In this paper Genetic Programming (GP) and Watson model for JPEG2000 images is being used   to get the optimal level of watermark in Discrete Wavelet Transform (DWT) domain. Khan et al (2006) mentioned GP is an evolutionary computation technique which gets its inspiration from natural selection and biological evolution process .We give the desired output to GP. Then, GP takes operands, operators and a fitness function to generate candidate optimal solutions of the given problem. Fitness of candidate solution is measured by the fitness criteria specified by the user. GP works iteratively and stop when it finds an optimal solution or when it reaches a user specified number of generation. The output solution is usually in a form of tree structure.

Related Work

Lots of research has been done in the field of invisible watermarking. There are mainly two working domain in which watermarking can be done, i.e. spatial domain and frequency domain. In spatial domain, intensity values of pixels are changed directly to embed watermark. Most of the researchers now diverted toward DWT because of its excellent spatial localization, frequency spread and multi-resolution characteristics. Wang (2007) proposed a Particle Swarm Organization (PSO) based blind watermarking technique in Discrete Multi-wavelet transformation (DMT) domain.

The drawback of their technique is they have not considered the alteration level of the selected coefficients for watermarking. Qi et al (2008) introduced a Quantization Index Modulation (QIM) and Singular Value Decomposition (SVD) based technique in DWT domain. Usman et al (2009) proposed a technique based on GP in wavelet domain. GP perform the selection of coefficients for watermark embedding in the Least Significance Bits (LSB) considering payload and imperceptibility. The drawback of these techniques is they do not incorporate the human visual system characteristic while embedding the watermark. In Lai et al (2009), they proposed a SVD-based watermarking scheme. The appropriate singular values are taken as an optimization problem and for that micro-genetic algorithm is applied to get the best singular values (SV) by taking into account the scaling factor to embed the watermark image.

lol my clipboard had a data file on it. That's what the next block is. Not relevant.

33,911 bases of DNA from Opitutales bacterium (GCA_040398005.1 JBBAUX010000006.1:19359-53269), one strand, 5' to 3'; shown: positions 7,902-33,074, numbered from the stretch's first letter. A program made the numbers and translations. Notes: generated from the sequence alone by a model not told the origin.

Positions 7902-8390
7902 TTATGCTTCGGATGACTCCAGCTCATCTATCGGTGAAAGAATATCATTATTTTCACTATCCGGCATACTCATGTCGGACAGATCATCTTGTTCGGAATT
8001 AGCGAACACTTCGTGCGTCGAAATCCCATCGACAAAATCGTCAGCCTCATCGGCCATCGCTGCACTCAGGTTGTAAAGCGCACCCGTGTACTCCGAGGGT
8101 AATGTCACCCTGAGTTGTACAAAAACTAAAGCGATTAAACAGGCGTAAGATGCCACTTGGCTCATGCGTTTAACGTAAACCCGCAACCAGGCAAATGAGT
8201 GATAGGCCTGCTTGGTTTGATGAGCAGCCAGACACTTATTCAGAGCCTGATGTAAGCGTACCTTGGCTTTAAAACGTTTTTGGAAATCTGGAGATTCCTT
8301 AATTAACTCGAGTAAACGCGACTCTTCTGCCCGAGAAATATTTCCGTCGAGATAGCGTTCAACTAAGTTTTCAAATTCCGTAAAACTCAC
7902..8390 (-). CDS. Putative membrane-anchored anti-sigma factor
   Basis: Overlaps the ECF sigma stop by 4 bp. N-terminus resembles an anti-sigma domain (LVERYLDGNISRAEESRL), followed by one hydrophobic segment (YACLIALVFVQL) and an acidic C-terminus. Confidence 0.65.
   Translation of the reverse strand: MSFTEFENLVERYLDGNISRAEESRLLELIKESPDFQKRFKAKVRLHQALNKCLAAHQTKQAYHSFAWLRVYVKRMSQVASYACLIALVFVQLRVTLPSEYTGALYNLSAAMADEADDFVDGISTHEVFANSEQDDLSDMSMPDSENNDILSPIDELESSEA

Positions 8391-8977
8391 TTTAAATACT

Proposed Technique

The proposed algorithm works in two phases, in watermark embedding phase, an image X is transformed to first level discrete wavelet and embedding is performed in horizontal and vertical sub- bands in the wavelet domain as shown in Fig.1.  Vertical (LH) and horizontal (HL) bands are divided into independent, non overlapping m×n blocks where (m,n) is a small integer. In our technique, we set it to 4×4.


Fig .1 Watermark Embeding Process

Then perceptual significance, S of each m×n block is calculated using the following formula.

The sum of square of selected coefficients in a block of m×n size is represented by S.  Then, we sort the blocks separately in each sub-band in descending order of the value of S. After that, we select the top b blocks where b is any integer representing the number of blocks of size 4×4 chosen for watermark embedding. The following equation is used to embed the watermark in the selected coefficients: